Such messages, he says, won’t be found in the program’s textbooks, such as “Occupied America.”

“The department doesn’t look bad on paper. It’s what happens verbally that moves the debate from benign to pernicious,” Ward says.

The tone worried him: “The students had become very angry by the end of the year. I saw a marked change in them.”

That anger was evident in a presentation director Romero gave at a social justice symposium at the University of Arizona in April. Exploring ways schools create racially hostile environments, the presentation flashed quotes from former Raza Studies students.

Nate Camacho complained that teachers actually encouraged students to fight each other.

Vanessa Aragón said students see violence differently from what school officials see. “For us, it is violence we face from our teachers, administrators and TPD (the Tucson Police Department) every single day,” she said.

Kim Dominguez maintained she didn’t feel valued because nothing in class reflected her life. “We don’t really have a chance,” she said.

Romero says anger is essential for transformation, but insists teachers work to transform that anger into something positive. “For me, there’s a real fine line between anger and awareness,” he says.

He chalks up the dispute with Ward to politics, saying Ward didn’t fit in because he was a conservative while he and the teachers in the department are liberal.

The students

Kristin Grijalva, 17, counts this last year as the most transformative of her school career. She was so shy as a young student that her teachers assumed she spoke only Spanish and put her in an English-learners class.

“Now I’ve gained so much confidence,” says Grijalva, who plans to attend the University of Arizona to study medicine, with a minor in theater. “I have learned so much about myself that now I can talk and use my voice to inform people.”

Raza Studies teachers push students hard, she says, but are so supportive that they share cell phone numbers and e-mail addresses and encourage students to text or call anytime.

Grijalva says that when she learned more about Christopher Columbus, she became angry that he remains a celebrated figure. But she was taught to use her anger to be a warrior, not a soldier. Soldiers do what they’re told, she says. Warriors fight with their minds.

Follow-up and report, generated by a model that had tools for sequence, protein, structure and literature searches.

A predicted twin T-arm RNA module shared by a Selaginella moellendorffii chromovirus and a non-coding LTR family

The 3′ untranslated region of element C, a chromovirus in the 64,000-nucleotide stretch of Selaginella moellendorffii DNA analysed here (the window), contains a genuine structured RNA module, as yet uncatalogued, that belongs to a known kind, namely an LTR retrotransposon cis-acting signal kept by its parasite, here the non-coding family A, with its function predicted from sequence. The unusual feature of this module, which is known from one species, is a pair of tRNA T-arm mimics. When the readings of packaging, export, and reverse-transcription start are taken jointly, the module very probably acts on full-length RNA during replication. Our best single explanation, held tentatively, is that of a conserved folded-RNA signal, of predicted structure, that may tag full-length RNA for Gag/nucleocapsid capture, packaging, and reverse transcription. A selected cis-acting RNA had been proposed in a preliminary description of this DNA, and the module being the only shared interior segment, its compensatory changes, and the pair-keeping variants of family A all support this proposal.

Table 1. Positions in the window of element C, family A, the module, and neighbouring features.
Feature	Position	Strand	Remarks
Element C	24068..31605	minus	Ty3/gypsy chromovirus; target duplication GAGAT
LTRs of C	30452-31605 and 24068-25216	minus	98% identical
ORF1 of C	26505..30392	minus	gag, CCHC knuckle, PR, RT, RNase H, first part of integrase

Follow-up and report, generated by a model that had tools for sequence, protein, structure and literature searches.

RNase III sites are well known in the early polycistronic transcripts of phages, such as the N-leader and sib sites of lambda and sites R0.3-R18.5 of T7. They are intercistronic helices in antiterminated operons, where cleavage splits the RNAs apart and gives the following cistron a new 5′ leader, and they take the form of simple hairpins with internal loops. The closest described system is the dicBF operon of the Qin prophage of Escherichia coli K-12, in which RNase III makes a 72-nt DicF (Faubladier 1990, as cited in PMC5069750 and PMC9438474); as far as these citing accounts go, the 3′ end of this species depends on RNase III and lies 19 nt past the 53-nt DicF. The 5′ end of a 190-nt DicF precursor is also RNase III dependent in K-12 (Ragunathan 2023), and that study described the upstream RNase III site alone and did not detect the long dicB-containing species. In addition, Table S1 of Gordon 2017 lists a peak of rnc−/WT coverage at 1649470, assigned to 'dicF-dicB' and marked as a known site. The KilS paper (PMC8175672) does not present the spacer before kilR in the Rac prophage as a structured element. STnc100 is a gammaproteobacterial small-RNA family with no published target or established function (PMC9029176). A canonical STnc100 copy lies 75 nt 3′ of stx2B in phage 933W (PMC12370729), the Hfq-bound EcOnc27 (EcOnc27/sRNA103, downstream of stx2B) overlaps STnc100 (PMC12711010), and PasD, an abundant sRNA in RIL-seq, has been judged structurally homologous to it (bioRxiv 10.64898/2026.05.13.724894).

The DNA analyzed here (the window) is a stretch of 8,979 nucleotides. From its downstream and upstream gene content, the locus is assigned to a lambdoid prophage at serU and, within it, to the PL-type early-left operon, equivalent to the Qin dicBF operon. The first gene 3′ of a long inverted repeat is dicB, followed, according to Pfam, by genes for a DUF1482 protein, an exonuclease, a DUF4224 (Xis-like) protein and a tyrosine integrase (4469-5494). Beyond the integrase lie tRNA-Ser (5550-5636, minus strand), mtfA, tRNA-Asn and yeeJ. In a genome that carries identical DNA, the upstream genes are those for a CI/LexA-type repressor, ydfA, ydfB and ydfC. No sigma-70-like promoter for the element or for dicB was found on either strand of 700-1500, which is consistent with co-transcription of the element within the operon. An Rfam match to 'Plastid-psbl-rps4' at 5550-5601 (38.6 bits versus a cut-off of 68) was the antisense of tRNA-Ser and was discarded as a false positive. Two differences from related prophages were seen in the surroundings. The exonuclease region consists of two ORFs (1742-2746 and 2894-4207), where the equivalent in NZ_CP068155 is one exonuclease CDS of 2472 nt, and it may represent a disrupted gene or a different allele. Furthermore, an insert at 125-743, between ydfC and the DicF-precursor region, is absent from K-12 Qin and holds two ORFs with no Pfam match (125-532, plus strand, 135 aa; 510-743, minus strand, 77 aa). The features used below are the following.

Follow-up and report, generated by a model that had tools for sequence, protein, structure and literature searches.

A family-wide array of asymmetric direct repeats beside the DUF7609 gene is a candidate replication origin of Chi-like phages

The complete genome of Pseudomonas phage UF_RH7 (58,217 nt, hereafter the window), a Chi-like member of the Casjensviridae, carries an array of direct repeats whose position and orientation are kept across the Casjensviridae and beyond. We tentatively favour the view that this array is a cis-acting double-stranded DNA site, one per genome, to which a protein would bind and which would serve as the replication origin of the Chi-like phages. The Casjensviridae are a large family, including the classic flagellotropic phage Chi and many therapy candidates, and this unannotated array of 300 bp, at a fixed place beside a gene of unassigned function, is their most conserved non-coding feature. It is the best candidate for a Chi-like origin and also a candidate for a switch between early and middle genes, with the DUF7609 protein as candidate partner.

Grijalva acted like a warrior when a student asked her to sign the “pilgrim” petition. Before, she would have ripped up the paper, she says. Instead, she explained to the student that pilgrims from Europe seeking freedom weren’t all that different from Mexicans coming here.

Her fellow students would be just as angry to hear a white person called a “cracker” as a Mexican person called a “beaner,” Grijalva says.

“We realize it’s not only Euro-Americans who are against our class. There are our own Chicanos and African-Americans against our class,” she says. “It’s what we call ‘internal oppression.’ When you hate your own race, you’re basically hating yourself, but they’re going with what they hear instead of what they see.”

In class, students are encouraged to think critically and to defend their positions.

One day in early May, students analyzed a political cartoon to determine if the artist was liberal or conservative. With the newspaper required reading, they discussed the Democratic presidential nomination.

During a recent presentation, a student noted, “Even a game of chess can reflect the inequalities of our society. From way back, white always goes first.”

Teacher Jose Gonzalez nodded approvingly. “That’s deep. That’s powerful.”

Amy Rusk, Tucson High’s chief librarian who taught Chicano literature in the department for three years, says that as a white woman, she finds white privilege is “very much embedded in the system and that’s why we have to talk about it.”

Kids need to read literature where the grandmother switches back and forth between English and Spanish, just like they hear at home, she says.

They need to name 10 important Hispanic and 10 important black figures in U.S. history.

And they need to know the system was set up to block minority achievement, she says.

“I think to pretend everything is fine is very unfair to the kids,” Rusk says.

She says she’s heard students say they can’t do some academic work because they aren’t white and they aren’t smart. But not Raza Studies students; they come to her library more than their peers, and are more able to do independent research.

“This program has much more to do with figuring out ways to help kids succeed who have not had academic identities before,” Rusk says. “And this system has let them not have those academic identities.”

Contact reporter Rhonda Bodfield at 573-4118 or rbodfield@azstarnet.com.

Do we really want our tax dollars being used to teach this nonsense? Is it really necessary to enrage the students with this propaganda? Rather than putting the blame for under achievement right where it belongs–squarely on the student and parents for not making their education a priority and STUDYING for what they want–they blame the white man.